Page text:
Newswise — The National University of Singapore (NUS) has launched the Institute for Functional Intelligent Materials (I-FIM) – the world’s first institute dedicated to the design, synthesis, and application of Functional Intelligent Materials (FIMs). Co-directed by Nobel-Prize-winning materials scientist Professor Sir Konstantin Novoselov and Distinguished Professor Antonio Castro Neto, I-FIM will be the sixth research centre of excellence (RCE) in Singapore, and the fourth RCE hosted at NUS.
Most materials have fixed properties. For example, steel has a fixed strength, shape, and conductivity regardless of the environment it is in. However, emergent technologies need materials that can adapt, have memory functions, and have properties which change depending on the environment. These are FIMs, and they are crucial for artificial organs and tissues, smart membranes, smart batteries and catalysts, to name just a few.
“Currently, materials scientists can only describe the properties of materials when they are in energetic equilibrium. To describe dynamic, out-of-equilibrium properties of functional intelligent materials requires new approaches in physics, chemistry, biology, materials science, and engineering. That is the goal of I-FIM,” said Prof Sir Novoselov.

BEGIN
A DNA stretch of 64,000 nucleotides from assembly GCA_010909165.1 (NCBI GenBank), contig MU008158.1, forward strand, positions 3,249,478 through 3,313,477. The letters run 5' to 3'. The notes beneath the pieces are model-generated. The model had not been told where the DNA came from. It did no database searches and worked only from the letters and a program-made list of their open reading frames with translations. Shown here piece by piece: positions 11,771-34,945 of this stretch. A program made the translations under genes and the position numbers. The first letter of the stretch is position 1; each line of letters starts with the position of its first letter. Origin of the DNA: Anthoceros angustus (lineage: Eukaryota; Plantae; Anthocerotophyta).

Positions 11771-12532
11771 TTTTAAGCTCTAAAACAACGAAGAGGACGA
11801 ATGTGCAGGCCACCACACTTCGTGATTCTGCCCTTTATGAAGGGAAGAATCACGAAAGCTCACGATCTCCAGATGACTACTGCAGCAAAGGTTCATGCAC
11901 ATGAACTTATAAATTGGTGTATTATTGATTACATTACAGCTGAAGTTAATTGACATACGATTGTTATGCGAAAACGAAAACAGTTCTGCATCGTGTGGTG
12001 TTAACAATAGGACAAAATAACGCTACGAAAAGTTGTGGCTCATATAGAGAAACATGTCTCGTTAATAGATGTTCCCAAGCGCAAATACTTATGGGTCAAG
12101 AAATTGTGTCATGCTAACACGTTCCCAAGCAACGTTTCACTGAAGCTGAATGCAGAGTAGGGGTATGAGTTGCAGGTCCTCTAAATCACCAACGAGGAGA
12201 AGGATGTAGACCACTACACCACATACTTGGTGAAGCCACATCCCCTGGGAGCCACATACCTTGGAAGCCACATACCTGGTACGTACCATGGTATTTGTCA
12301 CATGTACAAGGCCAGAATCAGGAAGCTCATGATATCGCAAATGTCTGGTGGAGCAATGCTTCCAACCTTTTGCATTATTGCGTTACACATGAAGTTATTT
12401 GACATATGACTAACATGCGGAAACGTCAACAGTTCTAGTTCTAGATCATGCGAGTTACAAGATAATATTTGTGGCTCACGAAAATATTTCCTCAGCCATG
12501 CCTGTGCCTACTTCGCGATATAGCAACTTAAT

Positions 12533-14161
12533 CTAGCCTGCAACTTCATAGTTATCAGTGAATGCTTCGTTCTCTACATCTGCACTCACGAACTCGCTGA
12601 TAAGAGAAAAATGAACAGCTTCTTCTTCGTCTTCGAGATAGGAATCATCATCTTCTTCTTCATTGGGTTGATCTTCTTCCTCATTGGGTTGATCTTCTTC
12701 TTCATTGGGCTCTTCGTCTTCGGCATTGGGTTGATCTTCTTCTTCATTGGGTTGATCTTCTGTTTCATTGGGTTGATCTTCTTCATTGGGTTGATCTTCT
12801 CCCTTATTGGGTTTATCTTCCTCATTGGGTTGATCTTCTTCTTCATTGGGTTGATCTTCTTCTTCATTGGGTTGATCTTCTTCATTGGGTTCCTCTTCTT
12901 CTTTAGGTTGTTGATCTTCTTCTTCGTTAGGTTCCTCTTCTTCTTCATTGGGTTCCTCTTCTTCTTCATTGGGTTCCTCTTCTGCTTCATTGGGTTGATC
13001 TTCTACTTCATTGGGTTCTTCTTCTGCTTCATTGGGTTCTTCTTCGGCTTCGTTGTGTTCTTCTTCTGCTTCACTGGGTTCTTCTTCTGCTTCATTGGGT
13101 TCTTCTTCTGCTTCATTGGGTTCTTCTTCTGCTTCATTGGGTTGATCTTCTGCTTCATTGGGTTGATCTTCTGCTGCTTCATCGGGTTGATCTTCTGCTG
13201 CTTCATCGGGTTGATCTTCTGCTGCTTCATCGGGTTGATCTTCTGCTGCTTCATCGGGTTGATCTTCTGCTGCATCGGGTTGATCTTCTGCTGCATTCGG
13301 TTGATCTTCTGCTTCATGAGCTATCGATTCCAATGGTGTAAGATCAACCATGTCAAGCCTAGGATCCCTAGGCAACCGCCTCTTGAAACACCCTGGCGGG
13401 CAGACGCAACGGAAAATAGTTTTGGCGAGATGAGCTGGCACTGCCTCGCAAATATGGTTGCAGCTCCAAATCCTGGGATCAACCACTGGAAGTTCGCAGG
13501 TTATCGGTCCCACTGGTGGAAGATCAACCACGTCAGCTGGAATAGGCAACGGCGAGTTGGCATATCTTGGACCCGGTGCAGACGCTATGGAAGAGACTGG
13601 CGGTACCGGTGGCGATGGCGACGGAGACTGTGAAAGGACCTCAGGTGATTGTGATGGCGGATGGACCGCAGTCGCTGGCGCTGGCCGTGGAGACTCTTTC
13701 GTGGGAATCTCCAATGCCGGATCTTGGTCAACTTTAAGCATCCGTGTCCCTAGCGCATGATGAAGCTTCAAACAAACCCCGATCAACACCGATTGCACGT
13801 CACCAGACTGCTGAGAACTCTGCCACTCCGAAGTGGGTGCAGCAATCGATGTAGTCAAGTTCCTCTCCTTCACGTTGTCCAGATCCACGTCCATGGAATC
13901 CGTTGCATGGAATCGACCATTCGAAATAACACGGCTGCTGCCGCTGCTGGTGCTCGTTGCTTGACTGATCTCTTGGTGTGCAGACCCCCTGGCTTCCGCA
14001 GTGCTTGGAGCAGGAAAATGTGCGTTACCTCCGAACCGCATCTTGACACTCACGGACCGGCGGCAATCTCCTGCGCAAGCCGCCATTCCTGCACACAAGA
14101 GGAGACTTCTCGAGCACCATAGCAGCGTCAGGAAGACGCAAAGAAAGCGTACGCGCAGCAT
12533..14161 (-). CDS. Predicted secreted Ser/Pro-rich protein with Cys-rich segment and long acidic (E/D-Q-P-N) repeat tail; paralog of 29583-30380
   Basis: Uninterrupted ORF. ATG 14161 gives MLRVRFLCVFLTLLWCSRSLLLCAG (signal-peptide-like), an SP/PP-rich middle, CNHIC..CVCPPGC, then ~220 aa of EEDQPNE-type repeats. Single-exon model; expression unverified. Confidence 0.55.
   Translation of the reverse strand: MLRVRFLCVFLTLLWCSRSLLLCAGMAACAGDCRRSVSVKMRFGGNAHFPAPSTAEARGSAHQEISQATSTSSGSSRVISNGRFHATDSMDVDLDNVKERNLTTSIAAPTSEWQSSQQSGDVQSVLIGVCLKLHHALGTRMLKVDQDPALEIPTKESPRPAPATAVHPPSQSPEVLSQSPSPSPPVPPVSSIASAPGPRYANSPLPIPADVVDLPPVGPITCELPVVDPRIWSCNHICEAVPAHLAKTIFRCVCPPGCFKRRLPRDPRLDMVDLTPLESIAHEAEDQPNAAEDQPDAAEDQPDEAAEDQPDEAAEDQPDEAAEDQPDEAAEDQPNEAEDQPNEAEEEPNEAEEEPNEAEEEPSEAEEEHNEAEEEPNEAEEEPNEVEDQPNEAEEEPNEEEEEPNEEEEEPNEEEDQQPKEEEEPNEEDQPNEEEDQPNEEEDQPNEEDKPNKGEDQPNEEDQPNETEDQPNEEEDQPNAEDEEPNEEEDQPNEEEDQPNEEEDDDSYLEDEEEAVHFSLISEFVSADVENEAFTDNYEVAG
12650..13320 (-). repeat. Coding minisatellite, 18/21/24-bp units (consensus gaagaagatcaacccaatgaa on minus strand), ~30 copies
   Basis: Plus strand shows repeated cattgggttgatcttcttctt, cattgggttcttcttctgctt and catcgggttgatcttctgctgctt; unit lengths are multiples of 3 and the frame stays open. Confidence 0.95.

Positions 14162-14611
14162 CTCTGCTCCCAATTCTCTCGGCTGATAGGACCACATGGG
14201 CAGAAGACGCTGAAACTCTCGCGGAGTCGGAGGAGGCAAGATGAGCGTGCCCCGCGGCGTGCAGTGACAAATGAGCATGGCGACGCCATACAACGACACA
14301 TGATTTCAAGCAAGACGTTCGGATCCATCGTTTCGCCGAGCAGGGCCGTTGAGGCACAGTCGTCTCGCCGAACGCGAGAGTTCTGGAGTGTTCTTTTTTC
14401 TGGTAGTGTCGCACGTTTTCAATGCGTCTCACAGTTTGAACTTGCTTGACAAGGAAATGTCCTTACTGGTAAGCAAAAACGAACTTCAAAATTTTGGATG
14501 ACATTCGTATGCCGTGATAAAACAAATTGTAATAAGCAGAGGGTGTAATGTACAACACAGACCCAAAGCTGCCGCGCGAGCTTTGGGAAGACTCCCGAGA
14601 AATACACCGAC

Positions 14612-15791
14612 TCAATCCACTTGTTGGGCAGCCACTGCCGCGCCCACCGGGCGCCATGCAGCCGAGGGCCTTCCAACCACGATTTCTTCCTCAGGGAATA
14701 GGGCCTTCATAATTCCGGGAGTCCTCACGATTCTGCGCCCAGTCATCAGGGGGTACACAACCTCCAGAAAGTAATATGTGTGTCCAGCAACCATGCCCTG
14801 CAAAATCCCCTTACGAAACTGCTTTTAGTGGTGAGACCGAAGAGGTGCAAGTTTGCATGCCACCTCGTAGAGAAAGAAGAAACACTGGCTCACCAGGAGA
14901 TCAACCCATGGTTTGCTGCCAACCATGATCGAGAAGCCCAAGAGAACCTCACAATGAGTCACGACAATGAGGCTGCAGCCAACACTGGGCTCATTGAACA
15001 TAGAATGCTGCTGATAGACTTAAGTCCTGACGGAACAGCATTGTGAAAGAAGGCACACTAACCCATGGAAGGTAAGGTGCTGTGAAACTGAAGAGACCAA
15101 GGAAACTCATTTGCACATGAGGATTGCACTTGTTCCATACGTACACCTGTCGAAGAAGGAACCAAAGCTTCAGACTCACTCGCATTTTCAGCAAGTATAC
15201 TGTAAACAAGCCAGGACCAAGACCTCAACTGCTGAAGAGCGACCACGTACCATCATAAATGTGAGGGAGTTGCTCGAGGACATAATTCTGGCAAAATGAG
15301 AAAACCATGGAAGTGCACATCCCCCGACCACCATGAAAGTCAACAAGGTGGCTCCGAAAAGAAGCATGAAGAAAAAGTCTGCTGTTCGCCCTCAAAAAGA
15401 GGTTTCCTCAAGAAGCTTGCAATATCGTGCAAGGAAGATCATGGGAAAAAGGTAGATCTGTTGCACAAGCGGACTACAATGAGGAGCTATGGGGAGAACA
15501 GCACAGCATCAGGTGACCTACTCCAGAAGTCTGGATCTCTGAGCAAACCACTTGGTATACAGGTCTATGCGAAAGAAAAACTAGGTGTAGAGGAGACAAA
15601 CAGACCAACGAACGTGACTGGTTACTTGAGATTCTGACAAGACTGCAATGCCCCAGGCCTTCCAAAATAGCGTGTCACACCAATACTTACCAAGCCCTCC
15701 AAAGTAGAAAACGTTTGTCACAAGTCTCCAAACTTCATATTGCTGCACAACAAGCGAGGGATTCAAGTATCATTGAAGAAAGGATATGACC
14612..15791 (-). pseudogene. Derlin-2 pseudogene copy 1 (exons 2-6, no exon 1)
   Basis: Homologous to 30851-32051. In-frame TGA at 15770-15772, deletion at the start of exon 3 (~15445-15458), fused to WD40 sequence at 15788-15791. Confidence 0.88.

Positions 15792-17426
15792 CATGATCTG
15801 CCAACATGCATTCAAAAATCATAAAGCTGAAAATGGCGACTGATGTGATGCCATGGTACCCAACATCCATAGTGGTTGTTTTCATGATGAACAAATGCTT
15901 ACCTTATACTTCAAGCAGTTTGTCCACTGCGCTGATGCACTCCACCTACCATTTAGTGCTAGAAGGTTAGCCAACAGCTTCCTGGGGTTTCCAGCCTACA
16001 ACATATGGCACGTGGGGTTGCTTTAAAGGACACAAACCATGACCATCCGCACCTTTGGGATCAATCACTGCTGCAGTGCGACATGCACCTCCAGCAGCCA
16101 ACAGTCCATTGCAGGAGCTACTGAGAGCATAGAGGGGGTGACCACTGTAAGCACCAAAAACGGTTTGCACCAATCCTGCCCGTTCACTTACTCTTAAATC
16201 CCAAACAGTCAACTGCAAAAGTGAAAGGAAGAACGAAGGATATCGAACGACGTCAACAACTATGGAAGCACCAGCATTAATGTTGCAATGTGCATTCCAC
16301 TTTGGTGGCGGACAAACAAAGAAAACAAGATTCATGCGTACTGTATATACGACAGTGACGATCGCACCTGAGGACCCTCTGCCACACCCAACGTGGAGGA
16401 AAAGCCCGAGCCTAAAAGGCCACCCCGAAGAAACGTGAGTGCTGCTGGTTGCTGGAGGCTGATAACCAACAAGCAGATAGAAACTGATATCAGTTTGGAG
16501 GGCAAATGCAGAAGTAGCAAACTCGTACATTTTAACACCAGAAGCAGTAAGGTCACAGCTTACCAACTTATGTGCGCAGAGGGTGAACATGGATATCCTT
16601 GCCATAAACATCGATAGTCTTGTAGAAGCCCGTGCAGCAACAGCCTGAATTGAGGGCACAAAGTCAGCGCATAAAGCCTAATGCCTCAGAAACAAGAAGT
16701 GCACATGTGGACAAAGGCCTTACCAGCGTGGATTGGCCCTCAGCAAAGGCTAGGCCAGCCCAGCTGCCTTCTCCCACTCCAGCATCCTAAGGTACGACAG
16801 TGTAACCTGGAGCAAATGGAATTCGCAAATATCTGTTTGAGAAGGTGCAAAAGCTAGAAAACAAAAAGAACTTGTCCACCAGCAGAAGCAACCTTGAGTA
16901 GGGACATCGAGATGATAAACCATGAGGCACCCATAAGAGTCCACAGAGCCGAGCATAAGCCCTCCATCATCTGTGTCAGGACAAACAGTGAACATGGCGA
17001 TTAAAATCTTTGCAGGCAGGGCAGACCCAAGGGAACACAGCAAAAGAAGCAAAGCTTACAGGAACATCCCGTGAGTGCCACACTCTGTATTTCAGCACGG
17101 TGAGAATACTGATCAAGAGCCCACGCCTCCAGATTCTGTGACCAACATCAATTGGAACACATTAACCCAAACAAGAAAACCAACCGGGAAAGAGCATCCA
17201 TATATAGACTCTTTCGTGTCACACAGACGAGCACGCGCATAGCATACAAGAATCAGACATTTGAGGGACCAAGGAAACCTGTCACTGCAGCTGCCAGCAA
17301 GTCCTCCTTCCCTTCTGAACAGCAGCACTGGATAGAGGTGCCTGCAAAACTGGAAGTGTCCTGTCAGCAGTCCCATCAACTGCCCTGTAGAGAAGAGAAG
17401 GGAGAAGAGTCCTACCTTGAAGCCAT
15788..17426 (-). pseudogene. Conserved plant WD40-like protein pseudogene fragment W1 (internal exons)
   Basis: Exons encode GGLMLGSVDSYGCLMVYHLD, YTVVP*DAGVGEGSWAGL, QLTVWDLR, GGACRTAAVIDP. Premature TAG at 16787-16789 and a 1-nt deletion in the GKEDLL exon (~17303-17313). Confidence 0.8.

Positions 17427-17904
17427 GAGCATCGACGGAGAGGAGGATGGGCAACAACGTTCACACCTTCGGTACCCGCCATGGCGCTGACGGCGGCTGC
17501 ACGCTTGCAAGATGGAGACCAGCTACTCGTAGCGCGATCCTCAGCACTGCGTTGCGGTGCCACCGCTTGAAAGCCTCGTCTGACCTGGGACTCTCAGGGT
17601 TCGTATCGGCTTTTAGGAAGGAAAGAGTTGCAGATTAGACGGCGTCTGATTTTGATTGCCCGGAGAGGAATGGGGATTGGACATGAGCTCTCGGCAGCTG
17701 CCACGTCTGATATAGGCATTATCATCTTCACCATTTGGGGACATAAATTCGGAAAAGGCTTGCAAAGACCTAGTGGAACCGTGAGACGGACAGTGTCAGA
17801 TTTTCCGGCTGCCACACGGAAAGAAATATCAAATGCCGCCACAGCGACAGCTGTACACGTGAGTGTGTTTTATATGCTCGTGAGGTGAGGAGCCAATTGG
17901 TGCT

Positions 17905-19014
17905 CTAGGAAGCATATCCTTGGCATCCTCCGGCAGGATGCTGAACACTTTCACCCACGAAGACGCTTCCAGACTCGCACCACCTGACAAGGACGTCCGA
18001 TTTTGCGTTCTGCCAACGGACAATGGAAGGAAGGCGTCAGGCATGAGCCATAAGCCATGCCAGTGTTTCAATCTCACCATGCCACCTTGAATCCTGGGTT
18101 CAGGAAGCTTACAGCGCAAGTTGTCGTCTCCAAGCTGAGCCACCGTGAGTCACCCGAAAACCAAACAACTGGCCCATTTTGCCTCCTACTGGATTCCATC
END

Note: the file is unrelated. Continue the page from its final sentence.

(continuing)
A world-class research institute
I-FIM is supported with a total investment of S$200 million over 10 years, with the Singapore Ministry of Education providing a funding of S$100 million and a matching contribution of an equivalent of S$100 million from NUS.
“RCEs are established with the mission to spur research excellence in our Autonomous Universities (AUs), create new knowledge and catalyse future innovations and discoveries that would contribute to positive economic and societal outcomes for Singapore. The first five RCEs have boosted Singapore’s research eco-system, and their outstanding research has helped Singapore to manage complex challenges, such as COVID-19. We look forward to I-FIM playing a significant role in our research landscape and becoming a globally-renowned institute that will attract, retain and support world-class academic investigators, enhance graduate education in NUS, and create new important knowledge in materials science,” said Minister for Education, Mr Chan Chun Sing.